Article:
Appearance: Dark amber beer, almost brown. Thick tan head erupts and lasts with the beer to the end with fantastic lacing. Clarity is moderate; could be clearer if I had lagered it or if it had hung out in the fridge for more than twenty-four hours. Bottles with more time in the fridge were clearer with a brighter amber color.
Aroma: Hops dominate the aroma. Generic forest aroma, generic tea, dried peach, subtle resin, minimal baking spices. Behind the hops there is malt sweetness, caramel, biscuit crust, toasted almond.
Flavor: Hops at the forefront of the flavor. Taste is strongly like a fresh, complex peach tea but with hoppy bitterness instead of tannins. Peach and pear fruit. Forest-y flavor behind the tea feels heavy up front but lightens in the finish, reminiscent of the dank notes in mosaic hops. Grain flavor lacks sweetness, like caramel without the sweetness. Dry bread crust. Lager-like crispness rather than subtle sweetness from amber ales.
Mouthfeel: Spritzy mouthfeel. Moderate body while the flavor makes it feel thinner than it is. Bitterness present in the mouthfeel. Appropriate body for a lager.
Overall: Decent beer but nothing special. Did a great job of showcasing the hop although it either needs an ale yeast to leave behind more balancing sweetness or less bitterness. It's imbalanced towards sweetness. As it is it tastes like a scaled down amber IPA but with some restraint to the bitterness it would be a pretty good hoppy amber lager. It isn't quite dank like amber/red beers with simcoe, columbus and so forth but it's definitely along that line.
Now let's talk nugget hops.
In the recipe post I talked about the vague descriptions of this fairly old and well-used American hop that makes it difficult to really appreciate what it offers beyond a fairly smooth bitterness. Nugget hops are a strange fit in today's world of beer. It's not high enough in alpha acid to seek out for bittering. The flavor isn't as punchy as the popular fruit hops nor is it dank enough to provide the opposing note like simcoe. It's a hop, like many older hops, that struggles to stay relevant. There is value in this hop even if it's not in the fruit-overload beers.
Nugget will never rise to the top of the heap of popular hops because it fails to bring any major flavors. It's a lot of subtle flavors mashed together. Descriptions of woodsy and tea are accurate. It's woodsy like a forest of unassuming-smelling trees, like oak, where the smell is a mixture of dried leaves, wood and dirt. It's not the pine forest of chinook hops. The tea flavor is not generic swill tea. It's a good quality tea flavor. You don't get that drying sensation of tea so it's a different experience. There's also fruit but it's subtle peach and pear, which are themselves subtle fruit flavors. They are fairly present in this beer because I used a big pile of hops but otherwise I doubt the fruit flavors would appear within normal hop rates for non-IPA beers. It's a little dank but not within the same class as columbus or simcoe. As a whole, it reminds me a little of the spice mix in particularly floral pumpkin beers but without tasting like a shitty pumpkin beer.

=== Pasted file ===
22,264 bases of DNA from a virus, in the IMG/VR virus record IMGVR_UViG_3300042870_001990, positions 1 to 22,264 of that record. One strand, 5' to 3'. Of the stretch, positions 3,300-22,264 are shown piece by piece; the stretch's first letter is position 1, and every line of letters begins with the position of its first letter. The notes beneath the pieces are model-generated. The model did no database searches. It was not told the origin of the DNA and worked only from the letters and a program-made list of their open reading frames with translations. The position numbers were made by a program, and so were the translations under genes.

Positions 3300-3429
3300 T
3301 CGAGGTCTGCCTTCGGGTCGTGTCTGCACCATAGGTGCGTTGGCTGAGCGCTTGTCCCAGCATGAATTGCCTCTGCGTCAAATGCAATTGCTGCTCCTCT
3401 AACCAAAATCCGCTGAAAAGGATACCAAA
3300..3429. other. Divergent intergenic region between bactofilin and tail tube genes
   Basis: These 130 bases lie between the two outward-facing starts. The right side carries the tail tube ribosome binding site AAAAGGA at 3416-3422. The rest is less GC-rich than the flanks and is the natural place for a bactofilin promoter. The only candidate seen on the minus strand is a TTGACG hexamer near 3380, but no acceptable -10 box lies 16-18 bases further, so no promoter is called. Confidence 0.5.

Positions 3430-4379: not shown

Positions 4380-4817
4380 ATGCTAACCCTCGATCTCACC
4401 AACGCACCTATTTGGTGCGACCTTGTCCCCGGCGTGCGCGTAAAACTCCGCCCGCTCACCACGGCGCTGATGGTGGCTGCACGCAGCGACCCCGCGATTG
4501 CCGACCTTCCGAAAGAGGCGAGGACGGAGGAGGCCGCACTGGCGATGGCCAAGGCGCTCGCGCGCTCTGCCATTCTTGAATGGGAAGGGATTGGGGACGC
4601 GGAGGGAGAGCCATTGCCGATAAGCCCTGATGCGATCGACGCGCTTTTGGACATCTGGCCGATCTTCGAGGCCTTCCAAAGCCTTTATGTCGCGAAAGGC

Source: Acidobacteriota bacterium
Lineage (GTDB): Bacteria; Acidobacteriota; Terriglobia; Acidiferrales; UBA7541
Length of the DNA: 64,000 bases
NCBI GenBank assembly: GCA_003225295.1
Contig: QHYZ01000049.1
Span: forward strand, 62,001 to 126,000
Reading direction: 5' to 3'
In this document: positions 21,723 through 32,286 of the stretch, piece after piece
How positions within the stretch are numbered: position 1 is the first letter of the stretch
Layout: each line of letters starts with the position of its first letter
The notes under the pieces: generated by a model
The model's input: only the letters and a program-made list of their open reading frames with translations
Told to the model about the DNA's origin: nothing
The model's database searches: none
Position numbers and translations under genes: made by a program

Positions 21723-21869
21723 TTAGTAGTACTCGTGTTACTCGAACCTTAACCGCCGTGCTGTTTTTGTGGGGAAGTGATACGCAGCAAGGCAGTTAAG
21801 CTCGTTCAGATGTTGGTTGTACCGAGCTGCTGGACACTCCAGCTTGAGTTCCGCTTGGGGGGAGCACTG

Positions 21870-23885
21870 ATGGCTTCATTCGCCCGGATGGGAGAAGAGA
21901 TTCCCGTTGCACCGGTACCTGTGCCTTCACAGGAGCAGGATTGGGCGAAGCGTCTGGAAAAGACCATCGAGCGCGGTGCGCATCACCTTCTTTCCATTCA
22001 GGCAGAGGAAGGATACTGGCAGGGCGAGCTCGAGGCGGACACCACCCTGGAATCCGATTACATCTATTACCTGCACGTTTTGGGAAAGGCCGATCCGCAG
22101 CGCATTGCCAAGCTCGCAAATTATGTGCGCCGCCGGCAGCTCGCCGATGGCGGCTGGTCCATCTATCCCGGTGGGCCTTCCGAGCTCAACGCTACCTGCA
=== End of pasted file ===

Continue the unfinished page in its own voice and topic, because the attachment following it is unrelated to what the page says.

At normal hopping rates this hop gets lost even in a single hop beer but overloaded with big late and post-boil additions the flavor can be aggressive and subtle flavors can be competitive. The peach and pear flavors are nice even if they don't punch you in the face like citra (and lacks the cat piss flavor citra sometimes has). Nothing offensive pops out in the flavor by using a large amount in late additions but because it's a moderately high alpha acid hop one must be mindful of the bittering potential.
This hop could be used in a number of styles for flavor, particularly if you aren't afraid to be heavy-handed with the additions. I will probably attempt an all nugget saison to see how the flavors cut against the often citrusy saison yeast. I think it would make a good beer and probably even better with nugget mixed with European hops that can round it out with some floral and light citrus flavor. With heavy-handed additions it works well in these amber beers similar to columbus or simcoe, although large additions are definitely necessary for big hop flavor. In moderate amounts I could see it flavoring American renditions of English bitters (in place of say, Fuggles) but a beer that immediately feels like an American beer pretending to be an English beer. It certainly works in amber/red beers where the dank flavor could be extended by columbus or simcoe or the fruit flavors accented by the addition of any number of citrusy hops.
Nugget probably gets its best use in blends with other hops. It's a hop that doesn't stand out on its own in any spectacular amount but has a low level of lots of desirable hop flavors. For that reason it's a great option to add depth and volume to a hop blend. It fits with the high notes of fruity hops as well as the low notes of dank hops. It gets out of the way of grassy or floral hops. It fills in the voids in the range of hop flavors without muddying the flavors you want in the forefront. I suspect a citra/nugget/simcoe IPA with nugget used at a lower rate than the other two would provide a lot more complexity than citra and simcoe by themselves.